7. Nov. 2, 1998, Tuesday: Patriot Hills

The wind is screaming through camp, blasting every projection above the surface and depositing snow in every lee. I spent a very bad night, waking up 9 or 10 times shivering and unable to get warm. Examining my sleeping bag today, I felt numerous lumps of feathers wadded into balls up to hardball in size. The bag simply wasn't fluffy, as it should have been. Apparently it had not been dried properly after washing at CMU and had been stuffed, still damp, into the stuff bag. A serious error, in view of the situation it forced me into. In good condition, the bag might have been borderline adequate, but now? Luckily, Liam has a light-weight extra bag that I can use inside mine.

Christian apparently was also much affected by the sleeping conditions and around 5 a.m. he went to the officers' tent, which is heated. The stormy weather and low temperatures are pretty much what I had warned about.

The toilet is in a hole in the snow with steep, narrow steps leading down into it. One is supposed to make his deposit into a plastic bag and then carry the bag topside to leave in a container. I have my standard case of diarrhea at the beginning of the field season and this afternoon had to shovel my way down to the "toilet from hell," because it had drifted full of snow.

We are told that when they set up this camp a couple of weeks ago, conditions were so horrible that they lost several shelters while trying to put them up. By the time the camp was established they had lost about half their provisions, so the meals are rather dull. Breakfasts are cheese and headcheese(?) sandwiches and dulce de membrillo (quince jam) as a spread. Stewart refers to it as "membrane jelly" because he doesn't speak Spanish. There are coffee and tea to drink. Lunch is exactly the same. Dinner is a soup, followed by ground beef over noodles or a chicked leg over rice. It's not great, but it does keep us going.

We had two more Hercs come in today: they just brought fuel and left right away. Apparently a journalist came along on one of the flights. He saw Nomad near the runway, just standing still, and spread the story that it was frozen and could not endure Antarctic conditions. We heard that this story then went out on the news.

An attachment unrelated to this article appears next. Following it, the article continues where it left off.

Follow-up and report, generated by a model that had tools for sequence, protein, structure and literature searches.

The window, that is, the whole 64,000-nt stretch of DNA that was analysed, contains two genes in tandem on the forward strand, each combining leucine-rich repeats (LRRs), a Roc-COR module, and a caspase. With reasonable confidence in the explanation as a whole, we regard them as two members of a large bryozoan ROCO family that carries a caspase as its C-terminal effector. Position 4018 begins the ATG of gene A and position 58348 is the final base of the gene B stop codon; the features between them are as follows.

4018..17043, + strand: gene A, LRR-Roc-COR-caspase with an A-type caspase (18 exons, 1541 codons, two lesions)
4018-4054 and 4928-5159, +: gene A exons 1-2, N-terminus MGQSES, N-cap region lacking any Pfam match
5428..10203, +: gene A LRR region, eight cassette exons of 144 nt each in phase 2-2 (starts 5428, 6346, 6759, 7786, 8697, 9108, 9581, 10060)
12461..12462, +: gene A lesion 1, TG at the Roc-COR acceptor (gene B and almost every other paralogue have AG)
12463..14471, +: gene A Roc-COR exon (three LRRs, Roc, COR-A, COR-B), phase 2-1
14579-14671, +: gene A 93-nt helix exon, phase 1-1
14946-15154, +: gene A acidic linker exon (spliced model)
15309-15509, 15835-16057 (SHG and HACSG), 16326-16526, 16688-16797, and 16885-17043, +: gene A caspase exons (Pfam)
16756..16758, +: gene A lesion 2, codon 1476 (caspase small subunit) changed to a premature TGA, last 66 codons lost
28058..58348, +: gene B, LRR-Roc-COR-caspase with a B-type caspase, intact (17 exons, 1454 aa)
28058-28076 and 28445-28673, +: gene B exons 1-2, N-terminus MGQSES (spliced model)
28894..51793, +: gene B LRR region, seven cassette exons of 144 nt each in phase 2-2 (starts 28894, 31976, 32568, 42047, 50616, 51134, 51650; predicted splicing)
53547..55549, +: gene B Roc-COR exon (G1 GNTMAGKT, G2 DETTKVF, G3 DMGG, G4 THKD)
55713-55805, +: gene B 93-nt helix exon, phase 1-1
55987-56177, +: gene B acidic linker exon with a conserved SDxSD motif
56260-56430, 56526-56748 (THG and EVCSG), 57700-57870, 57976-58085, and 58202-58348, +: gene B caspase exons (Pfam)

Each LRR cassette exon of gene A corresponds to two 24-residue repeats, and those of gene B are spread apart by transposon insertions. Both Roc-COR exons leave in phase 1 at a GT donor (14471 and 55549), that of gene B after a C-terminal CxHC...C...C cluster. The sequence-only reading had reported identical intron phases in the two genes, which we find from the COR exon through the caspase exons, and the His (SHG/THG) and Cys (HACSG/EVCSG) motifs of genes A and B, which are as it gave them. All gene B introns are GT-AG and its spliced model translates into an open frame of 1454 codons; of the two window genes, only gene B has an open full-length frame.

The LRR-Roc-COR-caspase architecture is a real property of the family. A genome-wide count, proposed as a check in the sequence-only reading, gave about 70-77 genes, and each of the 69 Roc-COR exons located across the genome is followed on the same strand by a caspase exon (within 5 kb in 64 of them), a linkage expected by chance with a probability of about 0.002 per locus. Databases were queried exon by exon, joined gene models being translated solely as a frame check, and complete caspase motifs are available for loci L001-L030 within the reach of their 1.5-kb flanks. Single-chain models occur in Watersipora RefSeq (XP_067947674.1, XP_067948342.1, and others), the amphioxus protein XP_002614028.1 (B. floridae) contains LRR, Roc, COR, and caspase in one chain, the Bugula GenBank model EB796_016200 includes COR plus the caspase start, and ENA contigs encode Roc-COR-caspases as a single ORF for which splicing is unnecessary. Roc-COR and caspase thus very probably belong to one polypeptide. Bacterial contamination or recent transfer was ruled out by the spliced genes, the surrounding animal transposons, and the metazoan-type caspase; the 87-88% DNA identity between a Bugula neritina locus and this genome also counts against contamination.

We set up more individual tents today. We have more than enough of them, even keeping a couple aside for the side expedition.

Pascal, Liam and I met the air officers today and discussed our side trip. They are willing to put us down for 2 hours at one site and then fly us to Pirrit Hills, which we chose as a campsite. We will have two commandos, called Chano and Bufalo, with us. They got a big laugh out of the fact that one of them is Bufalo and I am Bill. I think they will be okay. The ranking pilot, Capt. Moya, understands our need for calm weather, and says, "We will not go until the meteorologist can lie with conviction." We worked for a little while with Bufalo and Chano, getting fitted for crampons and harnesses. This evening we were trying to pack in the Endurance tent while Alex was trying to get a minimum office set up. Liam described it as bedlam, and it was.

Nomad had been left down at the landing site but now they powered it up and ran it up to camp with the joystick. That is a two kilometer run and they took turns following it in very cold and windy conditions. It was impossible to achieve wireless communications until it was within one hundred meters of the work tent, but it made a big hit with all observers. When Nomad finally arrived at camp, they were all amazed to discover that it was 12:30 a.m., and cleared out then. We were finally able to finish packing. We are on standby from tomorrow morning, waiting for good weather. I slept much better, using Liam's sleeping bag as a liner.